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And I think it seems to work the best?  Maybe?  I haven’t found an easy way to separate the strands (the embroidery thread I buy comes in strands made up of 6 strings, and since I am sewing tiny things, I often only want to use one string, for detail.  So when I’m getting ready to start a new project, I painstakingly separate them (with a mild amount of swearing) and shove them into little pouches in this strand binder I found in the embroidery section of our local craft store.  That’s the best I can do.

(Do you know an easy way around this?  Should I be embroidering with special thread instead of embroidery floss?  This can’t be the best way of doing things, I’m sure…)

Anyway, as for tools, that little travel case is awesome, because I can carry all the goods:  a leather thimble for tough fabric, little beads (since I often like to add texture), a seam ripper, and a few little books on simple stitches (believe it or not, they come in handy quite often).

embroidery5I just discovered this little blue fabric marker that I can draw with, and when I want my lines gone, I just wet it, and it disappears!  So cool (unless you’re making small sketch corrections, as it’ll take forever to dry the fabric so you can draw over it again).  Another useful tool is next to it, in the photo above:  a little metal threader, for threading problems.  I have trouble threading metallic threads (they’re very wobbly and they fray), and that tool’s saved me from throwing my project across the room in anger more than once.

I show you this wonky setup to demonstrate that I don’t really know what I’m doing.  Meaning, I’m not some super experienced expert who’s been doing this for ages and has all the answers.  I’m learning, and there is always more to learn.  If you’re into something, you can learn a bit about it, and jump in, like I did.

The world’s at your fingertips–literally, on the device from which you’re reading this!  Look up some videos about the hobby you’re interested in–it doesn’t have to be embroidery, it could be ANYthing.  Check out some hashtags and see what other people are doing.  I’m pretty willing to bet you can do it too, or that it might inspire you to do something similar in your own way.

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When I asked Myla what she’d want on one, she immediately requested Fiona and Cake, from Adventure Time (our current favorite show).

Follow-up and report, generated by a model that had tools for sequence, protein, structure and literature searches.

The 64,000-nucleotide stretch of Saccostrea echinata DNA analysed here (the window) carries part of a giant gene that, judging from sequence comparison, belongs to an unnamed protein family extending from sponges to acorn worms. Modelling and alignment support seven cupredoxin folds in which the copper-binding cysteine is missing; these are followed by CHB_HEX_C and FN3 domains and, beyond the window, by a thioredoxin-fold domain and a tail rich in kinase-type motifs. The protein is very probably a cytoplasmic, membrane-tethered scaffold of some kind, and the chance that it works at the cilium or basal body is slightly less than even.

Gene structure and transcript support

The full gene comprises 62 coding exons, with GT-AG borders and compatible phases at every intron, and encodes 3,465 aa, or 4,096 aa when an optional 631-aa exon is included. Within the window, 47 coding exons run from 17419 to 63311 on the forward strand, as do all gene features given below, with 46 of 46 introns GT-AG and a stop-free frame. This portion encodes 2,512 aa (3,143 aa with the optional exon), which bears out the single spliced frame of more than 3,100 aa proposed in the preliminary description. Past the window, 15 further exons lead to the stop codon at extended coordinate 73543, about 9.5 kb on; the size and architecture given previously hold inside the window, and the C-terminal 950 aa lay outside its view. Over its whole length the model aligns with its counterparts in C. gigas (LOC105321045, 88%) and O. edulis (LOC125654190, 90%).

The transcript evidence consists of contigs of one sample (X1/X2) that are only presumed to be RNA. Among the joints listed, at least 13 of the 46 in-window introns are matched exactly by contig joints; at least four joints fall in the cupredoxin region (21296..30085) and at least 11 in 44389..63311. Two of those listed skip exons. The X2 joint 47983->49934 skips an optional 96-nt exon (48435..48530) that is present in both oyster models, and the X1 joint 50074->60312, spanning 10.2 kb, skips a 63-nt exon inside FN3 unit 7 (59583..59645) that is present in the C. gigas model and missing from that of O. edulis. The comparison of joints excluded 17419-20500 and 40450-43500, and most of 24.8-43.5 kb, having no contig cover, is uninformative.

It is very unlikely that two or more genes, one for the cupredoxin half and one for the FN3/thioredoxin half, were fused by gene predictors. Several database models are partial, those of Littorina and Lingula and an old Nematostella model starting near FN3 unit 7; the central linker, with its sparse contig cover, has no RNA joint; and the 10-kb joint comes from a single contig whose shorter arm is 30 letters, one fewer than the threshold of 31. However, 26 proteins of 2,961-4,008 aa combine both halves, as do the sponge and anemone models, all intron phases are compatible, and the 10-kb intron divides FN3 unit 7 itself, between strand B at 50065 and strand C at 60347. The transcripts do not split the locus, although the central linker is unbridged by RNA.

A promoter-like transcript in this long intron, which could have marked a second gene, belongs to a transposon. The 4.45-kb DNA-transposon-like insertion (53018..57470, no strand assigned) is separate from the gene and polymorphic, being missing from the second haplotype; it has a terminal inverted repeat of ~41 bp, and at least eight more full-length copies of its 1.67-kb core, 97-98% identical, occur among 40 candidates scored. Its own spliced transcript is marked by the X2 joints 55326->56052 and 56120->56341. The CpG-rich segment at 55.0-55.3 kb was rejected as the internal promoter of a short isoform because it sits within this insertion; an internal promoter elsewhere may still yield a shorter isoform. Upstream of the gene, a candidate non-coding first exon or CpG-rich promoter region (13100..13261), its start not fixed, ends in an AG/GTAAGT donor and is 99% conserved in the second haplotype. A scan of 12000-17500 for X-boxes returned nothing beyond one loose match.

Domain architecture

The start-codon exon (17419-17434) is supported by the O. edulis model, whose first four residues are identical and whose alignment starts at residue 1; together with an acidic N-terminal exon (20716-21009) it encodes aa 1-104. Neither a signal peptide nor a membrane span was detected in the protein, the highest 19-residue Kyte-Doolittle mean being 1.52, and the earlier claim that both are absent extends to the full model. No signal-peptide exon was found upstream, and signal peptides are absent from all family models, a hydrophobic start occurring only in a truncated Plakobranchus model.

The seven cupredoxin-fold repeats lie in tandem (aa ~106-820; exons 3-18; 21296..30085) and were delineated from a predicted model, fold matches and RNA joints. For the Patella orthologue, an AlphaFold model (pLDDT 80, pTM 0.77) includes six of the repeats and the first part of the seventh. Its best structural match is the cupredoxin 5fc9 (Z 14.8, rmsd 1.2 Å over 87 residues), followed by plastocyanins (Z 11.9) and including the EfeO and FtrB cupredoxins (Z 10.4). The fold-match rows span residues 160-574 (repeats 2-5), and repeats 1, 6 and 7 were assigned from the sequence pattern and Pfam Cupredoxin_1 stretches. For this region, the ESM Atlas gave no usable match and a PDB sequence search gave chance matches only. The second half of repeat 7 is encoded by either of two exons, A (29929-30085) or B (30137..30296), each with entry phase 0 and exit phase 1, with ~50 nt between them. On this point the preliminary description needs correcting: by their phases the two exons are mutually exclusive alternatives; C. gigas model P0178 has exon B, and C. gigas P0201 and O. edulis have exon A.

And if you try it, and you’ve given it your best, and it’s just not working out, don’t consider it a loss; it might just not be your time!  I can’t tell you how many times I’ve tried needlefelting with disastrous results.  Doesn’t mean I’ll never try it again, it’s just not my thing right now, and that’s okay.  Maybe some day I’ll get it, maybe some day I won’t.  But I TRIED.

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I’ve actually wondered why this embroidery is such a thing for me right now.  I sometimes find myself FURIOUSLY “IN” to something.  Sometimes it doesn’t last long.  I do it til I just don’t feel like doing it anymore.  Right now, this is what I feel like doing.  I’ve tried drawing recently, and it doesn’t come out right, which happens sometimes, and is a sign that my brain doesn’t WANT to do that right now.  Right now, it wants to poke things with a tiny magic wand, and that’s okay.

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You’ve got to follow whatever you’re into–it helps you get through things.  For me, I think it comes from a tendency to want to control some very out-of-control situations we’ve been going through.  I might not be able to control what’s going on in our lives, but I can control this little tiny space, and that’s okay, too.

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I’ve been asked if I’d sell them, and I’ve decided I will, but I’m going to just sew what I like.  I wish I was the type of person who could do the same design again and again, or that thrived on custom orders, but I’m just not.  I can handle it a bit, and sometimes I really can do it.  But with these, it just feels good to do what I like, and let the chips fall where they may.

So that’s where I am at the moment…holding a tiny wand with my head down, furiously stabbing a little piece of fabric, unable to control the world, but trying my best to manage this tiny space.  Sure, it’s a little obsessive.  Sure, it’d be more productive if my obsession involved housekeeping or making lucrative stock picks or something useful.  

But it’s been making me feel better, and that’s definitely okay.  ❤